MEXICO CITY (Reuters) – Mexico will start soliciting bids later this month in its first auction of renewable energy certificates, part of an electricity sector overhaul that ends the state-owned power company’s monopoly, government officials said on Wednesday.
Initial awards of the new certificates, which provide the right and impose the obligation to produce clean energy, are set for March, officials said.
Up to 6 million of the certificates will be awarded in the first auction via 20-year contracts that seek to produce up to 2,500 megawatts of additional power generation from clean sources like wind or solar.
National electricity company CFE will initially be the only buyer of the energy from companies that are awarded the certificates in the competitive tenders, but new wholesale power companies allowed by the energy overhaul will later be able to purchase it, too, said Energy Minister Pedro Joaquin Coldwell.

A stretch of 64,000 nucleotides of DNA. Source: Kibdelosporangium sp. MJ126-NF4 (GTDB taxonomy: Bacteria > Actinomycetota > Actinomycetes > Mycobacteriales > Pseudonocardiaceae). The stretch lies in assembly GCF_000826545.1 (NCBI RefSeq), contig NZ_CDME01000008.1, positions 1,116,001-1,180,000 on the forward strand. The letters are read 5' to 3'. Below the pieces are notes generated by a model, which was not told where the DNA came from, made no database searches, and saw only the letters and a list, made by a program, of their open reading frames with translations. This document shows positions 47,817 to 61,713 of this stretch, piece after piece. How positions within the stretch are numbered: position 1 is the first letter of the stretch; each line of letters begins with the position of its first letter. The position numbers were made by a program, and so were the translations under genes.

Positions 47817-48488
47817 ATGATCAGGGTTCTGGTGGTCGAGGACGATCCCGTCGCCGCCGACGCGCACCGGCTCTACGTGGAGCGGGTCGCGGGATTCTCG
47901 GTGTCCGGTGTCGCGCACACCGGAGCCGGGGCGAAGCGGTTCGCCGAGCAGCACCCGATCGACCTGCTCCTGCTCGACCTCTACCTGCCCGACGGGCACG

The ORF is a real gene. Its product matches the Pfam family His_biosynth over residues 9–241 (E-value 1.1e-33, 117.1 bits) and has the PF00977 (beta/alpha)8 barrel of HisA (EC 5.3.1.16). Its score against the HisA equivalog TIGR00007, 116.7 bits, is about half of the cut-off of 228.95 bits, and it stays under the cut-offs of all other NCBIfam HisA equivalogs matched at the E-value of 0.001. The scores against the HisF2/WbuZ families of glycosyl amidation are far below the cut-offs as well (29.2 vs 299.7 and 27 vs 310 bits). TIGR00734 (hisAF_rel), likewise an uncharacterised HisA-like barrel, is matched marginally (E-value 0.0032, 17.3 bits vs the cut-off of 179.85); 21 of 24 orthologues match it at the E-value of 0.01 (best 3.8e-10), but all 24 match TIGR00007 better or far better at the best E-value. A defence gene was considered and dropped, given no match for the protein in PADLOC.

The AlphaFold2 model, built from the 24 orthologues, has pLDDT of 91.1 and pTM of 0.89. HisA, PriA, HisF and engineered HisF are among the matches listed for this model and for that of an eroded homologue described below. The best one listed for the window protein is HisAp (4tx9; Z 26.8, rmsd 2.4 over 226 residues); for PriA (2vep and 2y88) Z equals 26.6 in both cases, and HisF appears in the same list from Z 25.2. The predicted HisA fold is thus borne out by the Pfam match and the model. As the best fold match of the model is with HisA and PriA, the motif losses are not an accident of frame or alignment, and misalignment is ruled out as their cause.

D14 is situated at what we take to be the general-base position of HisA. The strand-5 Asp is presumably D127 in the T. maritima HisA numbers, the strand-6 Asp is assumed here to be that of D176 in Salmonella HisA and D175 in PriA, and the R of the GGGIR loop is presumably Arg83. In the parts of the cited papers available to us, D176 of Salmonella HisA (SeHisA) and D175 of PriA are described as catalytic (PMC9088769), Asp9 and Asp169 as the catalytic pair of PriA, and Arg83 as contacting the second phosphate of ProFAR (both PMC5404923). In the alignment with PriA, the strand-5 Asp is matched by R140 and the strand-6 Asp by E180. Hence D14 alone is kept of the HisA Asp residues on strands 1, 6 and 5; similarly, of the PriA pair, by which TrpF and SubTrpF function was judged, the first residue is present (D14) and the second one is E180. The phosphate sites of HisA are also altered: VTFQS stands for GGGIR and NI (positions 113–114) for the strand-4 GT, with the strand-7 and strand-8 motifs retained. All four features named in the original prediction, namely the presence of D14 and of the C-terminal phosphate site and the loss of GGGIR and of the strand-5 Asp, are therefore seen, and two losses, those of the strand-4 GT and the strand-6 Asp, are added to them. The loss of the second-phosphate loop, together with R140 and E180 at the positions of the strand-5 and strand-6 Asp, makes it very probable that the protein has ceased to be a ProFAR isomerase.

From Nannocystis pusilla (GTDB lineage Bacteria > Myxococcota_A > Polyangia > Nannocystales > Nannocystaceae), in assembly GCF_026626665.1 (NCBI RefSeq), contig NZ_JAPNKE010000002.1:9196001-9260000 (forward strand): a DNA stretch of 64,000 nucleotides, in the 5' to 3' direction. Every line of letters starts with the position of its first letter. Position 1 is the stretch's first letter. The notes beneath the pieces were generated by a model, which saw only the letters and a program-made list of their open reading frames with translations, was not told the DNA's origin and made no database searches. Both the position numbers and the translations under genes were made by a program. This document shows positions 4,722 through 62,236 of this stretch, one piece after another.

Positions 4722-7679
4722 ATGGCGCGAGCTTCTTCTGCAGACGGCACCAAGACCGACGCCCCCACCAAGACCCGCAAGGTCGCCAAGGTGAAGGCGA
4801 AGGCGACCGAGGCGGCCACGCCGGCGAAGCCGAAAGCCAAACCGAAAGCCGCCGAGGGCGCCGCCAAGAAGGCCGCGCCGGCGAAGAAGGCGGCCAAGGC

“This blueprint guarantees that there will be demand for companies that generate electricity from clean sources,” said Joaquin Coldwell.
Mexico, a major crude oil producer and exporter, has for decades generated most of its power from fuel oil. Over the last several years, however, it has transitioned into cheaper and cleaner-burning natural gas as well as renewable sources.
The new contracts will also help CFE meet a mandate to generate at least 5 percent of its power from cleaner sources by 2018.
Further technical and financial details will be published on Nov. 19, when the bidding process starts.
(Reporting by David Alire Garcia; Editing by Lisa Von Ahn)